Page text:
May 11, 2004) OTTAWA
- In a highly dramatic, pre-election day in question period, NDP MP Judy Wasylycia-Leis's challenged
Deputy Prime Minister Anne McLellan to apologize on behalf of
the Liberal government to Canadians for the sponsorship scandal
and for "being so careless with taxpayer dollars."
"Will this government apologize? Will they say they're sorry?"
However, McLellan did not apologize and said the government has been clear about its wish to get to the bottom of the scandal.
But Wasylycia-Leis shot back, saying that the RCMP's laying of fraud charges
yesterday against the former executive director of the sponsorship program, Chuck Guite, was not enough.
"The Liberals simply have no shame," she said. "Canadians aren't buying Chuck Guite as the lone gunman because they know there's a grassy knoll full of Liberals that this government is desperate to hide until after Canadians get to vote."
The sponsorship scandal was front-and-centre in question period today as Liberal members of the Public Accounts committee moved to end testimony before a likely federal election call.
All opposition parties weighed in on Adscam and issued some major challenges to Prime Minister Paul Martin - who was not in question period - and the Liberal government.
The Bloc went one step further and called on the prime minister to appear before the committee before calling an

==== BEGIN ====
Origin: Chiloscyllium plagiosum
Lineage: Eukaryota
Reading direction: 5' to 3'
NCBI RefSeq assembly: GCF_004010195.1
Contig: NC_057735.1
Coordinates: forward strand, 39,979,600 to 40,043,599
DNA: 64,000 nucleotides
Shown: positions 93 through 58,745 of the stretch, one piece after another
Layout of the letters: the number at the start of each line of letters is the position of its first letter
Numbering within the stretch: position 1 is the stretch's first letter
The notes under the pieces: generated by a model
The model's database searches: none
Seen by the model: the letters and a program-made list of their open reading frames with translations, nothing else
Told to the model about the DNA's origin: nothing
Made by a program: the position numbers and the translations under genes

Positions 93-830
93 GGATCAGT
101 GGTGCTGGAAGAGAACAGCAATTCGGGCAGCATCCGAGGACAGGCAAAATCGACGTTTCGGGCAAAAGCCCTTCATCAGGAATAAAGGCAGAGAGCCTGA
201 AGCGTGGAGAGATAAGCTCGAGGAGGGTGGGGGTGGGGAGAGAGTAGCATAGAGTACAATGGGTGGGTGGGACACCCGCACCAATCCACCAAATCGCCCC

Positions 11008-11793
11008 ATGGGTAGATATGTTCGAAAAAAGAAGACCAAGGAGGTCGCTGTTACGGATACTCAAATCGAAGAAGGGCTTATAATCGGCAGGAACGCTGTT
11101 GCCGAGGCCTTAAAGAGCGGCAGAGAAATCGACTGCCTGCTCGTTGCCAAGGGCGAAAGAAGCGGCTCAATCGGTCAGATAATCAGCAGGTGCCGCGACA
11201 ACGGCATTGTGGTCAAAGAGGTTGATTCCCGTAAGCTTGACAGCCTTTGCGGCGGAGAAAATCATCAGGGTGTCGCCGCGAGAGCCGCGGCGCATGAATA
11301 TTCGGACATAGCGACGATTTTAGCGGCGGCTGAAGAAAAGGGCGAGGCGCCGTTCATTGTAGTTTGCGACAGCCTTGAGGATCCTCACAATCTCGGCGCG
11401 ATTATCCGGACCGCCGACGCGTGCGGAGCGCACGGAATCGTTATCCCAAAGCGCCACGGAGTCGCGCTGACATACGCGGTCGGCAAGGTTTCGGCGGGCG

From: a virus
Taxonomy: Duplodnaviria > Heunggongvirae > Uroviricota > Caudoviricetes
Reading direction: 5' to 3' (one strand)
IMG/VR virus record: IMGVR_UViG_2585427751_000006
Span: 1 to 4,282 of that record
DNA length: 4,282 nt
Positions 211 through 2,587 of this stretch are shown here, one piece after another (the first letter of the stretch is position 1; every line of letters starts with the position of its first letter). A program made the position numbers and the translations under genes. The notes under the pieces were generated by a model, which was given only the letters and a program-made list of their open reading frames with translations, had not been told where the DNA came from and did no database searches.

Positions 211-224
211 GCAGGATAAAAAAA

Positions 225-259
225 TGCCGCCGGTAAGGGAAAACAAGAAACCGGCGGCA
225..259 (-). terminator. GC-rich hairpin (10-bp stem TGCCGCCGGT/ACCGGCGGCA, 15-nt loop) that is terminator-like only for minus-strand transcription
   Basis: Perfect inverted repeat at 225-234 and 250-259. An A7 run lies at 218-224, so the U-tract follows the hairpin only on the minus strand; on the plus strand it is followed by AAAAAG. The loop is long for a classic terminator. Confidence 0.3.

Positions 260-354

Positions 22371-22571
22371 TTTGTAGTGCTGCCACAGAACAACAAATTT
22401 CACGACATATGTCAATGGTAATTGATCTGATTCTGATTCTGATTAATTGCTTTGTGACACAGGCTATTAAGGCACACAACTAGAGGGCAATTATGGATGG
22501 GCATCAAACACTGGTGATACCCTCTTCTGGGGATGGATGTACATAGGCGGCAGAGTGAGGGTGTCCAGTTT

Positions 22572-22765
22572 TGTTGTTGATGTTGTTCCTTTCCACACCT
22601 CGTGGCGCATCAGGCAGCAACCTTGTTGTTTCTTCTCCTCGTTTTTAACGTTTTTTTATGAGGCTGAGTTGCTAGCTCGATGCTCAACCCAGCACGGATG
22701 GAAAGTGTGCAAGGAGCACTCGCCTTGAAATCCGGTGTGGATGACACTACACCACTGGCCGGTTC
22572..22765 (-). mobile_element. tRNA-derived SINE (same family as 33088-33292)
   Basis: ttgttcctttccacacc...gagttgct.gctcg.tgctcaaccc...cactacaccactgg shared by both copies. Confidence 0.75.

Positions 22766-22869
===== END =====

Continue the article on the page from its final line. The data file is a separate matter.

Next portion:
election to further explain his February comments that there had
to be political direction in the scandal.
"If he's so transparent and clear, why is refusing to testify before the Public Accounts committee and tell us before an election is called who provided the political direction?" asked BQ Leader Gilles Duceppe.
"Who was at the head of all this? Was it his predecessor? Was it him?"
Martin's name is included in a
witness list compiled for the committee by KPMG.
And Conservative Leader Stephen Harper was the most blunt of all, suggesting the charges against Guite and Groupaction president Jean Brault in relation to the scandal were just a small part of overall government corruption.
"There are in fact at least 36 separate police investigations we are aware of into the conduct of this government," he explained. "It is unprecedented in our history.
"Are these charges not just the tip of the iceberg into the culture of corruption that has been the hallmark of this government for over a decade?"
McLellan accused Harper of being reckless in his comments.
"I reject the outrageous premise of the question just asked by the leader of the official opposition," she said
"In fact, the RCMP is conducting investigations. Charges have been laid. The RCMP will continue to pursue this matter as it sees appropriate but I do want to underscore how singularly inappropriate I find the premise of the honourable member's question."
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